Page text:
Ancestry DNA Review

Marc McDermott
First Published: | Updated: May 2, 2024

Are you thinking about buying a DNA test, but aren’t sure if the AncestryDNA test is right for you? 

You’ve probably seen all the TV commercials about folks discovering their ethnicities and thought it’d be pretty neat to see your own ethnicity report.

This article will help you decide if AncestryDNA is right for you, walk you through the process, show you what to expect, and answer some of the most frequently asked questions.

This review is for AncestryDNA. Looking for a review of the website? Read this article instead: Review.

What Does AncestryDNA Tell You?

So what exactly does AncestryDNA tell you? What do the results look like? 

The two main things that AncestryDNA will provide are:

  1. Your ethnicity report
  2. Your matches report

If you decide to purchase the optional ‘Traits’ report (or upgrade later on), you’ll also get a list of personal trait reports that show how your DNA might have affected things like your sensitivity to bitter food or if you have a natural aversion to cilantro. 

More on that later.

Ethnicity Report

By far the most common reason for taking a DNA test, the ethnicity report (as its name implies) is what will tell you the percentage of each of your ethnicities.

Here is a screenshot of my report to show you what to expect:

Map view of my AncestryDNA ethnicity results
List view of my AncestryDNA ethnicity results

How do they calculate ethnicity percentages? 

Like every DNA testing company, Ancestry simply compares your DNA with sets of ‘reference populations’ across the globe.

They then use their own complex algorithms to calculate all of the percentages.

And because DNA reference populations are constantly being expanded and refined, your results may change from time to time.

As an example, Ancestry used to group together both Italy and Greece as one reference population.

They’ve since been able to isolate Italian DNA, thus updating existing ethnicity estimates.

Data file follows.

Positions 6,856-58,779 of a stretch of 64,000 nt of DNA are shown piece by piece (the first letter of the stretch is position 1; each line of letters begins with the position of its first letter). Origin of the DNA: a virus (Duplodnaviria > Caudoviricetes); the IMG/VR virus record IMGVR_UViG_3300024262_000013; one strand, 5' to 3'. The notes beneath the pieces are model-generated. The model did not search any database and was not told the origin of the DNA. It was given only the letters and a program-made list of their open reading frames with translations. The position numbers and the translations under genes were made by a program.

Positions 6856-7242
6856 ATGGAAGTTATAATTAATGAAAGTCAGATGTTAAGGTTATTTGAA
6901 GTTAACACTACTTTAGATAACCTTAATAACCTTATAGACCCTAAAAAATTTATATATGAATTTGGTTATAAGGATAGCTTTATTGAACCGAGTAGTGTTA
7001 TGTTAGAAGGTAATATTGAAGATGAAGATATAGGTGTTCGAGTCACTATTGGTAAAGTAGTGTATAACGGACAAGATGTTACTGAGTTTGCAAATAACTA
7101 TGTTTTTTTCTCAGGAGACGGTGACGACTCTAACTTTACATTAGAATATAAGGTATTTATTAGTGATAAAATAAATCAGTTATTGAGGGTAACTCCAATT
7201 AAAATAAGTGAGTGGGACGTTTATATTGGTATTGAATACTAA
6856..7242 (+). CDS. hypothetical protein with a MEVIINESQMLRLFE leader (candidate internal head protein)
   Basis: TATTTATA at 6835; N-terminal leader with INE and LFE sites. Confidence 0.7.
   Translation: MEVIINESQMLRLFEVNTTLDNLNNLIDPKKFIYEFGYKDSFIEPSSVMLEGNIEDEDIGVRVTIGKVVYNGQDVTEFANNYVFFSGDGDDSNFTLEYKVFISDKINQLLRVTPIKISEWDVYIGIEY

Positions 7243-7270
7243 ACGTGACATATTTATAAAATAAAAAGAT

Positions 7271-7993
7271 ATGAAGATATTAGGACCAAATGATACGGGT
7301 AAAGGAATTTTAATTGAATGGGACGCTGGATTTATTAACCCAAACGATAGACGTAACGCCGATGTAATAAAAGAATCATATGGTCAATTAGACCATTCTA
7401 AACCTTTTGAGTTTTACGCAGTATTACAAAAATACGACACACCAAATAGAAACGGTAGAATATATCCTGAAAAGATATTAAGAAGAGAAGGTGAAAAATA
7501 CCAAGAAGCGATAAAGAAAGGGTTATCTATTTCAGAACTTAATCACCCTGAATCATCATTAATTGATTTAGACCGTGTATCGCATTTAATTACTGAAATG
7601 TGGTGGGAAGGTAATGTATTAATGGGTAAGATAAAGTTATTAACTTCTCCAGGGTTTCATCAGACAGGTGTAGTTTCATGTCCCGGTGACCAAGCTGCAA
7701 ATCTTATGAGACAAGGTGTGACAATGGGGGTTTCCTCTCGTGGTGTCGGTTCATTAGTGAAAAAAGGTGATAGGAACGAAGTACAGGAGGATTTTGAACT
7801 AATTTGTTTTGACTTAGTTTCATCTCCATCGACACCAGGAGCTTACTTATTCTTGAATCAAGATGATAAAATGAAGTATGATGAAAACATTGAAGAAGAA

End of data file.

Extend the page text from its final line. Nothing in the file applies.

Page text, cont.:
It’s worth noting here that you do not need to have any paid subscription to get updated results.

Ancestry currently uses 2,600+ reference populations.

Matches Report

If you’re looking to build out your family tree, then the Matches Report is a goldmine of information. 

My top matches. Names and photos of matches blurred for privacy.

This is the section where most people interested in their family history will spend all of their time.

Your match list will be generated by comparing your DNA to the entire Ancestry customer database (excluding those who opted out of this feature).

Because Ancestry is currently the most popular consumer DNA test kit on the market, it has the largest customer database (currently 22 mil. ). 

This fact alone is why I recommend Ancestry over other testing companies for genealogical purposes. 

Generally speaking, you can expect to be matched with nearly all of fourth cousins and closer.

I say “nearly” for a reason.

Because of the way DNA is inherited, not all of your fourth cousins will show on your match list.

But the majority will (roughly 75%) and nearly all of your third cousins will show up.

And 100% of your 2nd cousins and closer will show on your list.

You can also expect a small percentage of more distant cousins as well – all the way to your 8th cousins!

But once you get to the 8th cousin level, less than 1% of them will be detectable through DNA.

And in most cases, it’s extremely difficult to track down the paper trail to an 8th cousin match anyway.

For me, I currently have over 300 matches at this level with new matches being added all the time as new people get tested.

The vast majority of my matches are more distant than the fourth cousin level. I have over 20,000 matches at this level.

So what do you do with all these matches?

Many will have their family trees posted online, and if you already know or can identify the common ancestry, then these trees can help you expand your own.

A lot of your matches won’t have a tree posted, or just not a public one anyway.

But you can contact these matches through Ancestry’s secure private messaging system.

I’ve found that response rates can be hit or miss. A lot of the matches you contact will flat out ignore you for various reasons. They’re just not that interested in their family tree which is kind of a shame.

Others will be invaluable resources for your own family history.

For example, one of my mom’s 2nd cousins who I’ve never met before was kind enough to send me a photograph of my 2x-Great Grandfather.

I had never seen a photograph of him, and without this DNA match, I may have never seen one.

So you can see how valuable a match report can be.

How Accurate is AncestryDNA?

This is probably the #1 question I get asked about DNA tests – are AncestryDNA results accurate?

It’s one of those questions that’s so hard to answer, other than to say “it depends”.